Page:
I sit on the balcony alone with my fourth glass of wine. I have three conversations going on Facebook messenger and two more via text. All five are with people that I have not spoken to in at least a year. Most are halfway across the country from me. I have let so many people slip out of my life. I am desperately trying to reclaim lost connections. I am so terribly lonely.
I am on glass five, and it is starting to get chilly out, when Sean comes home. He says hi and seems to be about to go inside, but I ask if he wants to sit with me instead.
“Only if we can go inside,” he says. He settles into the recliner, and I take the couch. “I was just going to head to bed, but you looked like you really need to talk.”
“I guess I do,” I say slowly. “I’ve just been thinking. Too much thinking.”
“Jess, stop.” He says. “You have got to quit worrying about him. Worry about you. Do what makes you happy. I’ve been getting a lot of advice from people lately, trying to help me get over the whole Noel thing, and that’s probably the best bit I’ve picked up so far. You three are all worrying about each other too much. You can’t move on if you don’t stop caring what he’s doing.”
“I’m not so sure that I want to move on,” I whisper. “But at the same time, I know I really can’t think like that. Not if this living situation is actually going to work out.”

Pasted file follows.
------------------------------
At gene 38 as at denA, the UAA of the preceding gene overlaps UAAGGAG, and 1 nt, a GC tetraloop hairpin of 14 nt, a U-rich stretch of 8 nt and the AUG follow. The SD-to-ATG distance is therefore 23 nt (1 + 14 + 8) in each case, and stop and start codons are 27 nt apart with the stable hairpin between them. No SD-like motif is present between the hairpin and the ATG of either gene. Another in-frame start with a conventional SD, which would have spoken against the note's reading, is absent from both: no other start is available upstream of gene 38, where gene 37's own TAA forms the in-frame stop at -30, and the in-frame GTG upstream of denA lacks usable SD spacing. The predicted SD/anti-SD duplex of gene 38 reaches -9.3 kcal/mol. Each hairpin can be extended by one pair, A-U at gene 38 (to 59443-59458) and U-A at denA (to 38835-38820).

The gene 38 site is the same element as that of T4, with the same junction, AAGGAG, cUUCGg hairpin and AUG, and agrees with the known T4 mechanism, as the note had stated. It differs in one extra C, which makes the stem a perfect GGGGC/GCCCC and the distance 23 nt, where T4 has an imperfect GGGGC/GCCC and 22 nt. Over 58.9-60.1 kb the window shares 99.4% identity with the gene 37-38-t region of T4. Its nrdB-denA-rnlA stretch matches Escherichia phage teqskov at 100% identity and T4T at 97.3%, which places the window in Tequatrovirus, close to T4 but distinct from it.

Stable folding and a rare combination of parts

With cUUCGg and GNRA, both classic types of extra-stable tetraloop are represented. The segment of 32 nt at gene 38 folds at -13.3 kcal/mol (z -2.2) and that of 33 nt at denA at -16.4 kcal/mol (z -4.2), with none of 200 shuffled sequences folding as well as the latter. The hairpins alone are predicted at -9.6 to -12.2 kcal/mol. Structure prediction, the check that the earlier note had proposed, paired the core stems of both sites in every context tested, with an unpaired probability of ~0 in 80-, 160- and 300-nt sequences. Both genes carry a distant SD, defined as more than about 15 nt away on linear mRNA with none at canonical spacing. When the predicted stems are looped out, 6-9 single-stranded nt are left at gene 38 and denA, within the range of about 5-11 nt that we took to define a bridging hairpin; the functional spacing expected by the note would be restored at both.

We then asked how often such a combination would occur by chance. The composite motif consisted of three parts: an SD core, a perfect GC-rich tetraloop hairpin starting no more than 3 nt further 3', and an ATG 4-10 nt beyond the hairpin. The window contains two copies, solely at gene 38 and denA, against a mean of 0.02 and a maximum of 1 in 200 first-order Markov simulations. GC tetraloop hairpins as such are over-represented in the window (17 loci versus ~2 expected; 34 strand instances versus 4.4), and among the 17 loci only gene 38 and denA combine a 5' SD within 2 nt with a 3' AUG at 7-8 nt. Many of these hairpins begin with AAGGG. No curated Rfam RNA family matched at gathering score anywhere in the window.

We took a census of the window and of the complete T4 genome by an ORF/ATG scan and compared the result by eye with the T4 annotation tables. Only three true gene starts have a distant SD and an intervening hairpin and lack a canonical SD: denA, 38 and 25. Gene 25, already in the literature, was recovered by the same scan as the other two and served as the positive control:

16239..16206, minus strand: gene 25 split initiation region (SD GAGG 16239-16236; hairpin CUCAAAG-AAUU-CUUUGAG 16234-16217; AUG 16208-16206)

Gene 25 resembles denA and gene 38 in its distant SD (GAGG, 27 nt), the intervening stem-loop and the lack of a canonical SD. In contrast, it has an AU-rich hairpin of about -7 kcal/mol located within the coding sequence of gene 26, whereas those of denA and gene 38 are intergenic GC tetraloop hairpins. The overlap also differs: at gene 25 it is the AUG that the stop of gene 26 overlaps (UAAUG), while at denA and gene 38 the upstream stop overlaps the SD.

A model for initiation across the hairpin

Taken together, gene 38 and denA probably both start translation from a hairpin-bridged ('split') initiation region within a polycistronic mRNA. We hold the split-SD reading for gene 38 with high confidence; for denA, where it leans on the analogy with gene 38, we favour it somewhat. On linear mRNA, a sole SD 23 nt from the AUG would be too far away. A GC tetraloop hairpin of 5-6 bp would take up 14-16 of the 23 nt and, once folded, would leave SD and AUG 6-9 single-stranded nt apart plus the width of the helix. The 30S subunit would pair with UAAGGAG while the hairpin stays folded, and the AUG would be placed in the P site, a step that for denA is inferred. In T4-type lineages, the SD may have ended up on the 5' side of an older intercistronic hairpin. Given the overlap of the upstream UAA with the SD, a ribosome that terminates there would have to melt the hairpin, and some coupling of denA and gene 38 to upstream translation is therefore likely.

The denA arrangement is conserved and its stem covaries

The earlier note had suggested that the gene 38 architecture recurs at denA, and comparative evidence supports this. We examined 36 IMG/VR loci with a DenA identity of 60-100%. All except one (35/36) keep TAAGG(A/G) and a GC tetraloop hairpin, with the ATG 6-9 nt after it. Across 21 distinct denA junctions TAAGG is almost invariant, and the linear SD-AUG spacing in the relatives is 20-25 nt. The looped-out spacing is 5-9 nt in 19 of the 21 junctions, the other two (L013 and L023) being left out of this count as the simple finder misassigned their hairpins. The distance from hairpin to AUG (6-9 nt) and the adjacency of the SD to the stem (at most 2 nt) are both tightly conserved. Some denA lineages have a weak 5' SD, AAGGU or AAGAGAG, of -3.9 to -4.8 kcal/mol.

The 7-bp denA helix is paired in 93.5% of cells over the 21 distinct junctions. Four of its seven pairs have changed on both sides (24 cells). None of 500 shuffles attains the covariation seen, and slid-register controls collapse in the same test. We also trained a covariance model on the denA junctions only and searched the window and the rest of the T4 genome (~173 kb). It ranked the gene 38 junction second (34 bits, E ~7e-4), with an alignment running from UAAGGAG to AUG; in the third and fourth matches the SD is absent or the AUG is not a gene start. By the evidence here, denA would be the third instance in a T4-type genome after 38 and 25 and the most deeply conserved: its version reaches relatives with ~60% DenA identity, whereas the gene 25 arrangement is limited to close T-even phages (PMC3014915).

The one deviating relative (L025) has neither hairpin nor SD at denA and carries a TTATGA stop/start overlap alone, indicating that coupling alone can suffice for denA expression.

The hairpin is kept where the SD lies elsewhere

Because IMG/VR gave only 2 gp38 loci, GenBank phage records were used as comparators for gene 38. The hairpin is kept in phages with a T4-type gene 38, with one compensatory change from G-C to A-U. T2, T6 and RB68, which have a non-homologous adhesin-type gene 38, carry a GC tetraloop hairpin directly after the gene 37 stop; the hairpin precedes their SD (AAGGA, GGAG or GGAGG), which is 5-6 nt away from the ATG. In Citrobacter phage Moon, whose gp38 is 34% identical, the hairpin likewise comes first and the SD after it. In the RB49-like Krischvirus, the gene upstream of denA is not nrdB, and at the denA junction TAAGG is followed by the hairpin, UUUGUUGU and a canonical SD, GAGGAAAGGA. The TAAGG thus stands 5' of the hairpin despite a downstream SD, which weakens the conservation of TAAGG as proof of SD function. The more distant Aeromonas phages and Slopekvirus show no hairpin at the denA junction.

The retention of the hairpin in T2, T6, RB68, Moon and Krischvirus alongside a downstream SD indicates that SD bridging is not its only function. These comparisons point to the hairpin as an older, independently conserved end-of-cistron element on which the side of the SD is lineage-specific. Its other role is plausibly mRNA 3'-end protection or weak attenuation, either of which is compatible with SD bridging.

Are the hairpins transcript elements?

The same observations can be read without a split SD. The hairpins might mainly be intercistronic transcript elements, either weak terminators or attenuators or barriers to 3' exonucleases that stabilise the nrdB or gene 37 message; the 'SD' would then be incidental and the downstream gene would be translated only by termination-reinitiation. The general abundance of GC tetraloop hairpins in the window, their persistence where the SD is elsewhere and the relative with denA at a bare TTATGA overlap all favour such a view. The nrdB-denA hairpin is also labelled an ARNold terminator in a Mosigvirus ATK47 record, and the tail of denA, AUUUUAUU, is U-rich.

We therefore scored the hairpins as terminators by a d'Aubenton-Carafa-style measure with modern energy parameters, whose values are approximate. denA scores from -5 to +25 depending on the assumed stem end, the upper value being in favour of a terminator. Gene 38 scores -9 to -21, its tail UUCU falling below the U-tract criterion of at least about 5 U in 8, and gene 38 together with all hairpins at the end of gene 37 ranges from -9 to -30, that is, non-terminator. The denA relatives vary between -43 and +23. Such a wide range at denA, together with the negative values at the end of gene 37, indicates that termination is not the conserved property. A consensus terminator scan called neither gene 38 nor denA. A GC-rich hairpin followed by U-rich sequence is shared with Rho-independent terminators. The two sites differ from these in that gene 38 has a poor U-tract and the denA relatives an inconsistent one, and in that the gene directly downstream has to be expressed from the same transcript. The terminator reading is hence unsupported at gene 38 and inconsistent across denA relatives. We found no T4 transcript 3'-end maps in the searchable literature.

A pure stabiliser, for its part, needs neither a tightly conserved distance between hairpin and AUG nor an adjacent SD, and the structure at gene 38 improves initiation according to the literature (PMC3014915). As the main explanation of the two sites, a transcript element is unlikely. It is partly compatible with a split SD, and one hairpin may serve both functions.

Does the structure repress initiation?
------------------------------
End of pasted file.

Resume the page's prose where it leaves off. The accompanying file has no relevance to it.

“You actually think this is going to work anyway? He’s not going to stay. He’s going to end up letting both you and your roommate think that he will, and then he’s going to run away like a little bitch and leave you two stranded. You might as well beat him to it and tell him to move out.”
I sip my wine and stare into space while he continues like this for a bit. So many thoughts are running through my head. I have been so focused on making this work for everyone that I seem to have forgotten one of the awful traits of my ex. He is selfish to his very core. I wish some of that rubbed off on me from our time together. It would make things much easier now.
“Stop giving him so much,” Sean says, bringing me out of my musings. “You gave and gave. You don’t have to give him anything else. In fact, you shouldn’t. Just stop.”
“You know, Sean,” I say. “I wish that you weren’t friends with him. And I wish that I had met you at a different time.”
“You don’t have to worry about me telling him things if that’s the problem,” he says with a laugh. “I don’t tell him about the times we talk because he doesn’t need the ego boost of knowing how much you miss him. And as for meeting me at a different time, I believe things happen the way they do for a reason. But I really should get to bed now. Do you need a hug?”
After that response, of course I need a hug. I am uncertain if he is deliberately misinterpreting my statement to avoid embarrassing me or if he really doesn’t understand that if he weren’t friends with my ex I would be all over him. Either way, tipsy declarations are best ignored, so I appreciate it more than I can tell him. I go to bed alone; I am beginning to get used to this. The petty part of my heart hopes that Brad is detesting his crappy couch experience.